I’ve used TweetDeck and DestroyTwitter a fair amount in the past few months.  They are both similar in the way that they handle updates and groups (DestroyTwitter now supports groups for those who did not know that).  The reason that they are so similar is that they are limited by the Twitter API.  There are 2 steps that they must go through.  When I’m talking about TweetDeck in the rest of this discussion, remember that DestroyTwitter works in the same way.

Step 1 — Getting Tweets from Twitter

When you first start up the application it will issue an API request to retrieve the most recent tweets from your friends (i.e. the people that you follow).  They will also use API requests to load @replies and DM’s, but we’ll ignore them since we’re interested in the raw tweets.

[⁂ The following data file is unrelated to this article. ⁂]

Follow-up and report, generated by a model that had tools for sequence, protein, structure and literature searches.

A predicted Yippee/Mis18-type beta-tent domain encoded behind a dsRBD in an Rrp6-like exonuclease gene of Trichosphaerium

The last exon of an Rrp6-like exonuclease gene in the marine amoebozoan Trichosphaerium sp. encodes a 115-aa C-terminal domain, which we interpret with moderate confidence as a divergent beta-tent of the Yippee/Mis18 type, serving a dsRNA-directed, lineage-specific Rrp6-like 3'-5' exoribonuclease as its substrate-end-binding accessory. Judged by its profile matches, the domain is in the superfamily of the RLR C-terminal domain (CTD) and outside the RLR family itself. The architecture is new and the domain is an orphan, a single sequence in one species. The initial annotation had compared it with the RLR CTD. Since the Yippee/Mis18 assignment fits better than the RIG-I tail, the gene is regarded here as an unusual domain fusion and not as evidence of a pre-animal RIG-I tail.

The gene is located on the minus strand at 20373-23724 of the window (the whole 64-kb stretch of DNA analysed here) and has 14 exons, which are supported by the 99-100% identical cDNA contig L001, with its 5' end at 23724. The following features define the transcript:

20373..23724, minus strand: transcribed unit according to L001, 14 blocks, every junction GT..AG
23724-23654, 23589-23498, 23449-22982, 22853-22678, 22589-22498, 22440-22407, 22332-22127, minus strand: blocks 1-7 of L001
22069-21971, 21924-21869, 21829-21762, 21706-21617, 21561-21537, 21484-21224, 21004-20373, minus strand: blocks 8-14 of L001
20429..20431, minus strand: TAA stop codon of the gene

Every few minutes (depending on the limits you’ve set) they will issue another API request looking for the updates from your friends that are newer than a specific status.

There are two important limits to keep in mind.  First, each of these requests will return a maximum of 200 updates.  The application can request more (or less) than the default 20 but the absolute maximum is 200.  Second, you are only allowed 100 API calls in one hour.  This includes calls to get @replies, DM’s and some other calls, but not searches or sending your own tweets.  We’ll see how these limits affect us in a bit.

Step 2 — Processing the Tweets in TweetDeck

Once the tweets come in, TweetDeck applies filters to remove updates that contain terms you’ve told it to ignore.